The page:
• Claims Being Appealed: The new rule will require the Board to presume that the applicant is appealing all rejected claims.

Bits and Bytes by Dennis Crouch

PTO Funding:

  • PTO Funding: The US Joint Select Committee on Deficit Reduction (i.e., the Congressional Super-Committee) is unlikely to come to any agreement before its statutory deadline of November 23, 2011. The result is that the PTO’s allowed expenditures will likely be reduced in the resulting across-the-board cuts.
  • PTO Funding: Senator Kyl had pushed for a USPTO-funding provision in the Super-Committee agreement that would give the agency full authority to spend fees collected. However, that result is unlikely even if an agreement is eventually reached.
  • PTO Funding: As expected, the PTO received a rush of filings in the days leading up to the 15% fee hike on September 26, 2011. The PTO will not be allowed to spend that money because those payments were received in FY2011 and because the PTO had already collected more than its $2.09 billion authorization. Thus, for FY2011, $209 million in fee-revenue will be kept by the Treasury and spent on other governmental programs. The “reserve fund” was not established until the start of FY2012.

Dispute Resolution:

  • Dispute Resolution: Professor S.I. Strong and I both recently joined the Patent Mediation Task Force of the International Institute for Conflict Prevention and Resolution. The Patent Mediation Task Force is chaired by Manny Schecter of IBM. Our Task Force is focusing on both addressing particular hurdles that patent litigation presents for the mediation process and promoting mediation as a valuable tool resolving and narrowing patent disputes.
  • Dispute Resolution: I am also happy to announce that I recently joined University of Missouri’s Center for the Study of Dispute Resolution as a Senior Fellow.

iPad App:

  • iPad App: The folks at Cooper Legal have developed a Patent Portal App for searching for and viewing patents and patent applications.
  • iPad App: Tom Brow has developed an iPad app for logging in to EFS-web and PrivatePAIR.  The app securely transmits your PKI certificate and password to a remote server, which logs you in, then discards the certificate and password.  EFS and PrivatePAIR can then be used as usual, with no further server involvement.  Brow is looking for testers in the private beta.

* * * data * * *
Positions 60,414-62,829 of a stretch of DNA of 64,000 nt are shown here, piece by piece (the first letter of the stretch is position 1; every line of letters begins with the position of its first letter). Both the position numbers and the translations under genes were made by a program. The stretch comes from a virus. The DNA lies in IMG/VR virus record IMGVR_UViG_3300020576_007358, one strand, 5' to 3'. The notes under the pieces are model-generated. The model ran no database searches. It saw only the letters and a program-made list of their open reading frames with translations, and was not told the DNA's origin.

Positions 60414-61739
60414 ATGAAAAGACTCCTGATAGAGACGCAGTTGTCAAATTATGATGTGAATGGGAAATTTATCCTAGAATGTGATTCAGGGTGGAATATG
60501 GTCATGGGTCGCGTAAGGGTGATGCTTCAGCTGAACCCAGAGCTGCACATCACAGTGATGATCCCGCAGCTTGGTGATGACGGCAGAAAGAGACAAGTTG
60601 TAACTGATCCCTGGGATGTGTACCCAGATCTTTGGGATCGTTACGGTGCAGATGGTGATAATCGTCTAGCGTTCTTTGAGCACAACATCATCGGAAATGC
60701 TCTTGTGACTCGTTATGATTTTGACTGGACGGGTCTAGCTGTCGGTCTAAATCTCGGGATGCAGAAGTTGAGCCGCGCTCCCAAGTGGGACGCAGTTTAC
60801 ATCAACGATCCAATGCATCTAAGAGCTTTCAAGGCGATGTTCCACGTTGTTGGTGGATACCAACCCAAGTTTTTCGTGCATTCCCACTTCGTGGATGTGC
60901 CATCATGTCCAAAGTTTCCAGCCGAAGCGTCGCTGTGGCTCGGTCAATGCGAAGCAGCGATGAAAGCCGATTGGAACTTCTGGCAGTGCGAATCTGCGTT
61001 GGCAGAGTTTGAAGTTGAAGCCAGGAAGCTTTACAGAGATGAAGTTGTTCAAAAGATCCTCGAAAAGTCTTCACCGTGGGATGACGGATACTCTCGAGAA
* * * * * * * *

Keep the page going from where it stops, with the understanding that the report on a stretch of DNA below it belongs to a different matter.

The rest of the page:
Bits and Bytes by Dennis Crouch

PTO Funding:

  • PTO Funding: The US Joint Select Committee on Deficit Reduction (i.e., the Congressional Super-Committee) is unlikely to come to any agreement before its statutory deadline of November 23, 2011. The result is that the PTO’s allowed expenditures will likely be reduced in the resulting across-the-board cuts.
  • PTO Funding: Senator Kyl had pushed for a USPTO-funding provision in the Super-Committee agreement that would give the agency full authority to spend fees collected. However, that result is unlikely even if an agreement is eventually reached.
  • PTO Funding: As expected, the PTO received a rush of filings in the days leading up to the 15% fee hike on September 26, 2011. The PTO will not be allowed to spend that money because those payments were received in FY2011 and because the PTO had already collected more than its $2.09 billion authorization. Thus, for FY2011, $209 million in fee-revenue will be kept by the Treasury and spent on other governmental programs. The “reserve fund” was not established until the start of FY2012.

Dispute Resolution:

  • Dispute Resolution: Professor S.I. Strong and I both recently joined the Patent Mediation Task Force of the International Institute for Conflict Prevention and Resolution. The Patent Mediation Task Force is chaired by Manny Schecter of IBM. Our Task Force is focusing on both addressing particular hurdles that patent litigation presents for the mediation process and promoting mediation as a valuable tool resolving and narrowing patent disputes.
  • Dispute Resolution: I am also happy to announce that I recently joined University of Missouri’s Center for the Study of Dispute Resolution as a Senior Fellow.

iPad App:

  • iPad App: The folks at Cooper Legal have developed a Patent Portal App for searching for and viewing patents and patent applications.
  • iPad App: Tom Brow has developed an iPad app for logging in to EFS-web and PrivatePAIR.  The app securely transmits your PKI certificate and password to a remote server, which logs you in, then discards the certificate and password.  EFS and PrivatePAIR can then be used as usual, with no further server involvement.  Brow is looking for testers in the private beta.

Bits and Bytes by Dennis Crouch

PTO Funding:

  • PTO Funding: The US Joint Select Committee on Deficit Reduction (i.e., the Congressional Super-Committee) is unlikely to come to any agreement before its statutory deadline of November 23, 2011. The result is that the PTO’s allowed expenditures will likely be reduced in the resulting across-the-board cuts.
  • PTO Funding: Senator Kyl had pushed for a USPTO-funding provision in the Super-Committee agreement that would give the agency full authority to spend fees collected. However, that result is unlikely even if an agreement is eventually reached.
  • PTO Funding: As expected, the PTO received a rush of filings in the days leading up to the 15% fee hike on September 26, 2011. The PTO will not be allowed to spend that money because those payments were received in FY2011 and because the PTO had already collected more than its $2.09 billion authorization. Thus, for FY2011, $209 million in fee-revenue will be kept by the Treasury and spent on other governmental programs. The “reserve fund” was not established until the start of FY2012.